(It suffices to show that pi(x)=o(x), which is a quite weak statement about the distribution of the primes that can be proved by a completely elementary sieving process. Am just thinking of the cleanest way to write this. Will post shortly.)
(It suffices to show that pi(x)=o(x), which is a quite weak statement about the distribution of the primes that can be proved by a completely elementary sieving process. Am just thinking of the cleanest way to write this. Will post shortly.)
Ahh yes, that was the other way to do it, but that was meant to be the second part to the problem. My intended solution was to use the fact that n! has n-1 obvious factors, and exploit that to construct an arithmetic progression strictly consisting of composite numbers, which is a lot easier to prove.
If I am a conic section, then my e = ∞
Just so we don't have this discussion in the future, my definition of the natural numbers includes 0.
(And yes, this is strictly more work than one needs to do to answer your original question, where a construction using a factorial explicitly gives us prime gaps of length blah. I just did it this way because I personally wanted to see how "low-tech" I could make a proof of the fact that the primes have density zero. )
Stronger statements about prime distribution are also very much within the scope of MX2 level techniques.
One such example is Bertrand's postulate, which states that there is at least one prime strictly between n and 2n for any positive integer n greater than 1.
This will be harder for a HS student to do without guidance, but I encourage any interested student to think about it / have a crack at it.
Last edited by seanieg89; 27 Jan 2016 at 12:35 PM.
If I am a conic section, then my e = ∞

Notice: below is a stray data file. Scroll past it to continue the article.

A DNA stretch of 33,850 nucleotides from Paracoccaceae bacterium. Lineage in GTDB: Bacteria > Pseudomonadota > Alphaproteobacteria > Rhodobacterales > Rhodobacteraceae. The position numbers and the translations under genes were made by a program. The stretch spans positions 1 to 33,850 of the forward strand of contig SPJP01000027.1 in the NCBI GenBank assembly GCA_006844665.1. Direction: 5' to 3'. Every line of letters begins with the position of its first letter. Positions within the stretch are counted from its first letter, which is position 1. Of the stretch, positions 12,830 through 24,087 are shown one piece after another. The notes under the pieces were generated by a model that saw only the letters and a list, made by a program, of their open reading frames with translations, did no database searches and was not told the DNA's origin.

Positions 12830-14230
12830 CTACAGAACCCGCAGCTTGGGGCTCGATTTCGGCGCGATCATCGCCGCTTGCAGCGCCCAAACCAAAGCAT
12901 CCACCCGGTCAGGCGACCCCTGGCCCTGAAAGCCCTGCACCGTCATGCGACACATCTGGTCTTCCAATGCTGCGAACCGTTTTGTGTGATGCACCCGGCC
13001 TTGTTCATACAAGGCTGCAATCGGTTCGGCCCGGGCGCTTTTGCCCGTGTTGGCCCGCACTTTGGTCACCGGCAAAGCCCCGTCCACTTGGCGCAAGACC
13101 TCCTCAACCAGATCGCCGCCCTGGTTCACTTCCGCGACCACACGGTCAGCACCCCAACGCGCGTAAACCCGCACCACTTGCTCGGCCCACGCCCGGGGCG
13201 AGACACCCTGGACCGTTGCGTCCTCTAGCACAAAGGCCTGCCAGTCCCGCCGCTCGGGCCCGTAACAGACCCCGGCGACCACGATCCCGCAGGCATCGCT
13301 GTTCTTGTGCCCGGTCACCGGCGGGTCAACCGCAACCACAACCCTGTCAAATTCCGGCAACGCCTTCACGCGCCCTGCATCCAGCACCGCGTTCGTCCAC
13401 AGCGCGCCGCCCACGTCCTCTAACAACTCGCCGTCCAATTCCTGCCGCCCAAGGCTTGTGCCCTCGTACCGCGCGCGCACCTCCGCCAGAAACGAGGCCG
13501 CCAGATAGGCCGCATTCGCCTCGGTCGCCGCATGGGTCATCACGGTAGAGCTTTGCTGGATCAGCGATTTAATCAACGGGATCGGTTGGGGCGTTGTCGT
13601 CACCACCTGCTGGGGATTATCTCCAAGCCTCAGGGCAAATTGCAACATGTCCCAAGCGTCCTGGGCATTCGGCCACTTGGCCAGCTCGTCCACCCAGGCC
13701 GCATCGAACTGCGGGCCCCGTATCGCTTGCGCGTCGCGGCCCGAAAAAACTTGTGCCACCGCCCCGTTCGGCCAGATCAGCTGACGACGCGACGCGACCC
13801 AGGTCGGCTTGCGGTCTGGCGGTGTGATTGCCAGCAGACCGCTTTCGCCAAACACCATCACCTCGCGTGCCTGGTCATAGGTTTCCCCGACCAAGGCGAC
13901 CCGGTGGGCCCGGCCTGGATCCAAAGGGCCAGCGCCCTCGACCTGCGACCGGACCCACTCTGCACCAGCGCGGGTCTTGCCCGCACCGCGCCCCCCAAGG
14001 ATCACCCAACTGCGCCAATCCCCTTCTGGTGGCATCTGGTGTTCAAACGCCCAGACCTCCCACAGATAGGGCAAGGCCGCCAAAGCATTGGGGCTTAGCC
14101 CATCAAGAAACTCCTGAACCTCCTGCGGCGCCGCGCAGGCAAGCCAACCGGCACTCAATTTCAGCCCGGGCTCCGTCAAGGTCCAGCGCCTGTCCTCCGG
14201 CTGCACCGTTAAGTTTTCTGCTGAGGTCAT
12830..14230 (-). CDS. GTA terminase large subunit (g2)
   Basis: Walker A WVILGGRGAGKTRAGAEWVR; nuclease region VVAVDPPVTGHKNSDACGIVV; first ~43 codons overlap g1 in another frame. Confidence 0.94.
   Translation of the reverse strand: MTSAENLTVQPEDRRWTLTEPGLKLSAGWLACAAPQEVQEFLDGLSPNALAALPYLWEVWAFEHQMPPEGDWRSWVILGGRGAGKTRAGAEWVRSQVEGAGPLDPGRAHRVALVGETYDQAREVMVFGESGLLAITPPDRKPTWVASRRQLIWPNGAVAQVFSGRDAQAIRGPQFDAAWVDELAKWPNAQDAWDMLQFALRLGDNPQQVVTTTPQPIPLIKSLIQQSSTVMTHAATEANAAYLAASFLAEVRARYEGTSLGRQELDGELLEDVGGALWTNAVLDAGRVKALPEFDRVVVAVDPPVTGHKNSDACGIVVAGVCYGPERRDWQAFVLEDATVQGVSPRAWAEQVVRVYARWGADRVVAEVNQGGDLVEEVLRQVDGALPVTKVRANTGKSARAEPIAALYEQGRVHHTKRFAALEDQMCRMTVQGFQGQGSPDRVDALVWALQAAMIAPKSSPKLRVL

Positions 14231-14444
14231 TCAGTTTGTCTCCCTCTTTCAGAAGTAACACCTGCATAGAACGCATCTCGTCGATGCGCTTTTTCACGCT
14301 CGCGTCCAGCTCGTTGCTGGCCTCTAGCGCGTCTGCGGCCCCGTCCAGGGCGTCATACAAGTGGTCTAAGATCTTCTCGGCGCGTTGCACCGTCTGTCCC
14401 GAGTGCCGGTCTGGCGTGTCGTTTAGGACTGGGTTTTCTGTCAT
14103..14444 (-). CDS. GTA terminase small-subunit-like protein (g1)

Just so we don't have this discussion in the future, my definition of the natural numbers includes 0.
If I am a conic section, then my e = ∞
Just so we don't have this discussion in the future, my definition of the natural numbers includes 0.
This wording means that the question is now valid, before you said that any subinterval of length n contained a subinterval of k primes (pi(x)>k>0), which was clearly not true and hence I was confused. I would normally post my solution, but Seanieg89 has already done so and mine was pretty similar except in the part where you had to prove that there exists a subinterval with 0 primes.
Last edited by Blast1; 30 Jan 2016 at 12:12 AM.
A bit on the easier side, but just to get the ball rolling in this thread again:
A function g(n) defined on the non-negative integers satisfies:
i) g(0)=g(1)=0.
ii) g(p)=1 if p is prime.
iii) g(mn)=m*g(n)+n*g(m) for all non-negative integers m and n.
Find all n such that g(n)=n.
---------------------------------------
A somewhat harder followup question is proving that the sequence obtained by:
u(0)=63
u(n+1)=g(u(n))
tends to infinity.
Last edited by seanieg89; 1 Feb 2016 at 11:48 PM.
If I am a conic section, then my e = ∞
Just so we don't have this discussion in the future, my definition of the natural numbers includes 0.
Last edited by Paradoxica; 5 Feb 2016 at 9:36 PM.